W. B. Yeats’s story is one which still shows the profundity of human nature today: it is of an old man who has waited fifty years by a well on an isolated island guarded by a spirit–Hawk, in the hope of drinking its elusive, preserving waters. Whenever the well rises up, the Hawk dances and lulls the old man to sleep. The Young Man (depicting the hero Cuchulain from Yeats’s play) is warned of the perils of this entrancement (both of the water and the Hawk). Yet the themes of immortality, rationality and impulse prevail, just as they do today.
   Sugimoto’s scene was darkroom photographic in nature: a dark blue-black set with the empty wooden stage and the shadows of dancers moving behind the cyc.
   The Old Man, performed with intensity and technical skill by Audric Bezard, entered the stage from the left wearing a floor-length muted silver, extravagant cape, long silver wig and beard. His precise, thoughtful movements were mesmerizing, with the only sound coming from the rustle of his costume (designed by none other than fashion designer Rick Owens).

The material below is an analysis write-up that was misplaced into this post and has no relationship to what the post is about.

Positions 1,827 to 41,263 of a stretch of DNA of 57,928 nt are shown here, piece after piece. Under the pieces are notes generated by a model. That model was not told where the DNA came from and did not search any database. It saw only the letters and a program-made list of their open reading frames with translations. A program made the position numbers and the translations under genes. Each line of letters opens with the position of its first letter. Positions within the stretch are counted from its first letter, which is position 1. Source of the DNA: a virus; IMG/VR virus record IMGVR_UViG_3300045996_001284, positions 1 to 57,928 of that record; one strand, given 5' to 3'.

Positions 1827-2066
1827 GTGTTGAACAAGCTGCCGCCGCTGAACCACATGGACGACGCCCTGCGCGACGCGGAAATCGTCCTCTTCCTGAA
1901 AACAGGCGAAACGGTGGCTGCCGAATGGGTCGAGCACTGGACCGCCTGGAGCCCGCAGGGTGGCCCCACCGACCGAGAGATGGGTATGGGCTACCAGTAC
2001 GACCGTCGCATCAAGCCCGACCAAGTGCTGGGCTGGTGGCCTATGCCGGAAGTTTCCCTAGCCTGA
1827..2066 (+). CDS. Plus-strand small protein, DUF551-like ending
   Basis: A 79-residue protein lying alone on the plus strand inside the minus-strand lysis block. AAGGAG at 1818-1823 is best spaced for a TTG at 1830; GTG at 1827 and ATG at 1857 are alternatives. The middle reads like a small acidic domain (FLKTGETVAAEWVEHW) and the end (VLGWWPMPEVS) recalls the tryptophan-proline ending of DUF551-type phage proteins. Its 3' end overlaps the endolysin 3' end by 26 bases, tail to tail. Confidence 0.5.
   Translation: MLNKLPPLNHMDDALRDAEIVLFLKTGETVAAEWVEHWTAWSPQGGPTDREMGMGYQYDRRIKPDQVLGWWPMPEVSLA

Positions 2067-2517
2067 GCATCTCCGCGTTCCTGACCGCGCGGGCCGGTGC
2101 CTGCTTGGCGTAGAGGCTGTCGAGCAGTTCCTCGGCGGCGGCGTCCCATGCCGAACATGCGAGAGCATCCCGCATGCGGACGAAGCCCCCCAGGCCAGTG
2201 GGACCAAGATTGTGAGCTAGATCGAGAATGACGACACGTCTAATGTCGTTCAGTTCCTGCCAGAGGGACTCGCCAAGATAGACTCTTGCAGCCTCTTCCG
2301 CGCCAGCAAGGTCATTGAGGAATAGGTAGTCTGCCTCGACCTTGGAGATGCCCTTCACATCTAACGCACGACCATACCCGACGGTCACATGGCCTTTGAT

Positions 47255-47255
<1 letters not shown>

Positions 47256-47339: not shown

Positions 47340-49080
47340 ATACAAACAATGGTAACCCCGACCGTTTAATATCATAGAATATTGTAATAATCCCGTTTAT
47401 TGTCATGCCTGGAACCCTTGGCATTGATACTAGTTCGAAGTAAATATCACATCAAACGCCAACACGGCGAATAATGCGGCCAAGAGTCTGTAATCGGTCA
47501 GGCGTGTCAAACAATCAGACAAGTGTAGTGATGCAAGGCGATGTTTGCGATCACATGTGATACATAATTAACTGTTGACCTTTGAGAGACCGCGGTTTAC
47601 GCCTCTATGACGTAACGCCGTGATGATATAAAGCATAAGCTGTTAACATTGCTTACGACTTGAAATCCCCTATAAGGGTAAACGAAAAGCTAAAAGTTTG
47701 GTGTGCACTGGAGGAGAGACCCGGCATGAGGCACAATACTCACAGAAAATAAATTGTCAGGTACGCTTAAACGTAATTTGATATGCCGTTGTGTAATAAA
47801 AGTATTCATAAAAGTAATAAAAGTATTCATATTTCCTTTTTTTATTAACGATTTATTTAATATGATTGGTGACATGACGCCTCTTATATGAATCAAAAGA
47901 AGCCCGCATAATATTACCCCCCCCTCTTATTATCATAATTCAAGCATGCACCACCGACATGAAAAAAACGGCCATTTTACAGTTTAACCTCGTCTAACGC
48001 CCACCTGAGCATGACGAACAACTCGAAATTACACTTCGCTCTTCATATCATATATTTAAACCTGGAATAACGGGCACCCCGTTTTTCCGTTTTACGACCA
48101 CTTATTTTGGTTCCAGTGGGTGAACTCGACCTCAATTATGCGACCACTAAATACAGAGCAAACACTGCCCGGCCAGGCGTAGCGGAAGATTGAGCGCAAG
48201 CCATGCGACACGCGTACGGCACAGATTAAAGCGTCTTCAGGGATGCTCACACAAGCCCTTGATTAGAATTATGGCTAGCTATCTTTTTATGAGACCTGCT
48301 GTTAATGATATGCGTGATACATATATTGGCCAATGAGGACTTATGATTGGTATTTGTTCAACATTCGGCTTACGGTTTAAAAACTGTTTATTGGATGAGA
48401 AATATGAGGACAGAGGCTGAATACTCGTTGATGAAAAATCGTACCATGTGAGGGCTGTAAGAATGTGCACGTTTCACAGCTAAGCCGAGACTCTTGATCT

The movements had a Japanese quality—they were considered, calm and, at the same time, profound: exaggerated by the dancer’s physique being covered only with a loincloth and calf-length silver boots under the rustling cape. Bezard’s artistry was emphasized by every sinew of his body.

Ann Ray

Above, from top: Audric Beard, Paris Opéra Ballet. Hugo Marchand in the role of the Young Man, wearing Rick Owens, Paris Opéra Ballet.

   The symbolism was sensory: from the dull light of the costume, the contemplative movement in the choreography of his arms, to the white horizontal light depicting the horizon and highlighting his isolation on the well’s island.
   These visual cues were accompanied by the sounds of electronic feedback interspersed with deep bass notes which gradually built in volume. This was an original score by electronic composer and visual artist Ryoji Ikeda and the sounds imparted their presence to the performance on stage. The Old Man’s futile pursuit of drinking the waters of the well weighed heavily in this opening scene.
   The Young Man, danced with strength and grace by Axel Magliano, entered from the right totally obscured by his floor-length shiny gold cape, which he held high and then gradually emerged from behind with his movements. The sound of the two dancers’ capes moving with the crackle of feedback gave off a static electricity.